It’s an honest question; and no, not in the existential crisis proceeding when you learn that all the loops in Froot Loops taste the same (they do) but in drawing on a memory of something you ate in the past and comparing it to something you ate today.

I bring this up because last year McDonald’s released its Sweet N’ Spicy Honey BBQ Glazed Tenders, and I liked them. This year, they released what seems like a similar product — Spicy BBQ Glazed Tenders — but I can’t say the same thing.

McDonald’s is advertising the Spicy BBQ Glazed Tenders as “smoky,” “juicy,” and “mouthwatering.” They are none of the preceding, and certainly not worthy of the “whoo!” the McDonald’s website claims you’ll say after eating them.

“Meh,” perhaps. “Woo,” please.

McDonald s Spicy BBQ Glazed Tenders 2

For starters, they’re not much to look at. It may be fast food, but it’s also 2019, and when your premium tenders are broken and sagging in an oversized box, that says something about preparation.

McDonald s Spicy BBQ Glazed Tenders 4

It also says something about your preparation — and maybe even the conception — when my tenders are soggy and have little crunch when ordered during the Noon to 1 p.m. lunch hour. They had no genuine crisp or crackle in the breading. Inside, they were dryer than McDonald’s tenders I’ve had in the past, with none of the succulence white meat needs to be anything other than boring.

McDonald s Spicy BBQ Glazed Tenders 3

But perhaps the biggest letdown was the sauce. Where last year’s Sweet N’ Spicy Honey BBQ Glazed Tenders nailed the Honey BBQ flavor, the BBQ sauce on this year’s Spicy BBQ tenders leaves much to be desired. It’s not as sweet or bold as last year’s version but carries the same ho-hum level of spiciness — a little cayenne on the back end, some garlic powder, maybe enough black pepper to let you know that hey, we didn’t lie entirely in our marketing.

I tend to treat chicken tenders like pizza, falling back on the theory that they can never be truly repulsive. But I’m also a big believer in opportunity cost, and as the list of McDonald’s menu items I would have rather spent money on grows, my relative enjoyment of a disappointing product dissipates. My suggestion? Get the buttermilk tenders and sauce them separately. You may like them.

Purchased Price: $4.59
Size: 4-count
Rating: 5 out of 10
Nutrition Facts: (4-count) 580 calories, 27 grams of fat, 4.5 grams of saturated fat, 0 grams of trans fat, 105 milligrams of cholesterol, 1950 milligrams of sodium, 44 grams of carbohydrates, 1 gram of dietary fiber, 15 grams of sugar, and 41 grams of protein.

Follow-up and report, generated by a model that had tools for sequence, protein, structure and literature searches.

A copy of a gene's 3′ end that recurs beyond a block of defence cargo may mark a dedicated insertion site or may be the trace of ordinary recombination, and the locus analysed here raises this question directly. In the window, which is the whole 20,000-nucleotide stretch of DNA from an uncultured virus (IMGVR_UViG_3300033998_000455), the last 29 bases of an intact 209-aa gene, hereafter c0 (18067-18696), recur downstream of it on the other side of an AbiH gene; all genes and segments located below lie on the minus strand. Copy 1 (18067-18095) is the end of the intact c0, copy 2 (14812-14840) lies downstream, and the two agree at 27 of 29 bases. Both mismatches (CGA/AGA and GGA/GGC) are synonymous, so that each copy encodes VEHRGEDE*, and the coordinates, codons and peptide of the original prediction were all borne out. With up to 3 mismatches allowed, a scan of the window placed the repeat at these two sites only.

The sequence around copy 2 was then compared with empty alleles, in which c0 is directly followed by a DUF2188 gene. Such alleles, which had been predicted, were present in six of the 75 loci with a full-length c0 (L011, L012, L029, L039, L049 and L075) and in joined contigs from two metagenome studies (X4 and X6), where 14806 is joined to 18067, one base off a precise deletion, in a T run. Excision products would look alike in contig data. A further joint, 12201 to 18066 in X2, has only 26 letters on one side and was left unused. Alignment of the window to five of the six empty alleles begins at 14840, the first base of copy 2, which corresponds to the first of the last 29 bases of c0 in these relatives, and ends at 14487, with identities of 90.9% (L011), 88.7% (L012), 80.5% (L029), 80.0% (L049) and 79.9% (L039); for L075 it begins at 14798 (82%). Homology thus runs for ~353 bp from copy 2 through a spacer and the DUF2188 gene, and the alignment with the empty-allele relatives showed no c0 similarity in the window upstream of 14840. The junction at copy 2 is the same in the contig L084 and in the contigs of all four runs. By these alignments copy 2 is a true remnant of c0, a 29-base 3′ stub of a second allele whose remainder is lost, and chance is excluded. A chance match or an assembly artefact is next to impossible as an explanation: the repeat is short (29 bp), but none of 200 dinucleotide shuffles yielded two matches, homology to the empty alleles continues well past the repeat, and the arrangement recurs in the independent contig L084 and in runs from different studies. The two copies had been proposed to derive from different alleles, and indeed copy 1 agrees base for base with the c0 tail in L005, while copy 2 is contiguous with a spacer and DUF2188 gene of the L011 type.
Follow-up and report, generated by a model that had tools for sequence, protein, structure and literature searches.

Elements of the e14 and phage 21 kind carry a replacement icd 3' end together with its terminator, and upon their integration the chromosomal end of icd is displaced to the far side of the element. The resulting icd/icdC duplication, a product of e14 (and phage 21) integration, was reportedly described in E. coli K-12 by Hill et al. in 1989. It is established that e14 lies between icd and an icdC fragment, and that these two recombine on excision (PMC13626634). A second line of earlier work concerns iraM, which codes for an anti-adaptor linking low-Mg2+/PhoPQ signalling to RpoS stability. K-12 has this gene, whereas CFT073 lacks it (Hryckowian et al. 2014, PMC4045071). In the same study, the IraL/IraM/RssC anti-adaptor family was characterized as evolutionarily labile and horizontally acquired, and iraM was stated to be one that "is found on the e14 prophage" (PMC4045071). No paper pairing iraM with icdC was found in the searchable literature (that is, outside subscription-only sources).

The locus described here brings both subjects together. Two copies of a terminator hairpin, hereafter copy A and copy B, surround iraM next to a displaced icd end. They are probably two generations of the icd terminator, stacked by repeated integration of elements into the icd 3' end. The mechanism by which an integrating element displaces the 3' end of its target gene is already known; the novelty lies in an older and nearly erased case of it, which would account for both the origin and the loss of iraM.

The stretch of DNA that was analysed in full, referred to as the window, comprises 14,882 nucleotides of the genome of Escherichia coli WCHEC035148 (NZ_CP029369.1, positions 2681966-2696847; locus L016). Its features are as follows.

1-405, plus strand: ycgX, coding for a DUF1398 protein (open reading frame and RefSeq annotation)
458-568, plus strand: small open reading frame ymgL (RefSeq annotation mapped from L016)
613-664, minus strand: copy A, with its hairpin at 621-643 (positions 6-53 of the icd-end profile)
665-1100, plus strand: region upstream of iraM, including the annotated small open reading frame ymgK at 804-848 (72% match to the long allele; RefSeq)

REVIEW: Dairy Queen Heath Caramel Brownie Blizzard

Dairy Queen Heath Caramel Brownie Blizzard

What is the Dairy Queen Heath Caramel Brownie Blizzard?

It’s the new Blizzard treat you spotted after you went back to Dairy Queen for your eleventh Pumpkin Pie Blizzard in the last two weeks. With Heath candy pieces added to a mix of chewy brownie pieces, caramel, and Dairy Queen soft serve, the new treat is trying to be a caramel brownie with a bit of toffee crunch.

How is it?

Dairy Queen Heath Caramel Brownie Blizzard Top

Surprisingly complex for what seems like a flavor that would have already been tried before. Since Heath pieces tend to be the most overlooked candy mix-ins ever, you never quite know what you’re getting when they’re included. But the hard crunch of the pieces is a good textural contrast to the slightly chewy and chocolatey brownie pieces, which are plentiful enough to give the Blizzard a chocolate flavor that makes the caramel aspect taste both rich and familiar.

Dairy Queen Heath Caramel Brownie Blizzard Mix ins

While the caramel flavor hangs in the background, the burnt sugar toffee of the Heath gives the Blizzard a new appeal that keeps it from getting boring.

Is there anything else you should know?

The level of your enjoyment for this will likely vary by the quality and quantity in which yours is made. That’s because the vanilla base seems like the wrong choice to host the established chocolate-caramel synergy, which was a letdown in the spoonfuls that didn’t get brownie pieces. And while the Heath pieces give the Blizzard an added element, they don’t define the baseline flavor the way that the brownie pieces do.


Dairy Queen doesn’t make a bad Blizzard, and this Heath Caramel Brownie one is no exception. But I tend to think the line between very good and mind blown is pretty discernible, and this latest Blizzard doesn’t reach the latter category. It’s a shame Dairy Queen didn’t go all out and double down on the chocolate and caramel.

Purchased Price: $2.99
Size: Mini
Rating: 7 out of 10
Nutrition Facts: (Mini) 370 calories, 14 grams of fat, 8 grams of saturated fat, 0 grams of trans fat, 35 milligrams of cholesterol, 210 milligrams of sodium, 54 grams of carbohydrates, 1 gram of dietary fiber, 44 grams of sugar, and 8 grams of protein.

REVIEW: Limited Edition Maple Creme Oreo Cookies

Limited Edition Maple Creme Oreo Cookies

Poor maple.

Since the dawn of seasonal snack food proliferation and the veritable arms race of limited-edition flavors, it’s been getting overlooked each fall by pumpkin spice and any combination of apple flavors. And while it seems obvious maple would make its way into prime-time cookie form, it sure took its sweet time. Hell, it took Oreo 25 other flavors to even consider maple!

Frankly, Maple Creme Oreo Cookies are long overdue, especially given the fact that people have been smuggling Dare Maple Leaf Crème cookies across the Canadian border for as long as I can remember.

Limited Edition Maple Creme Oreo Cookies Creme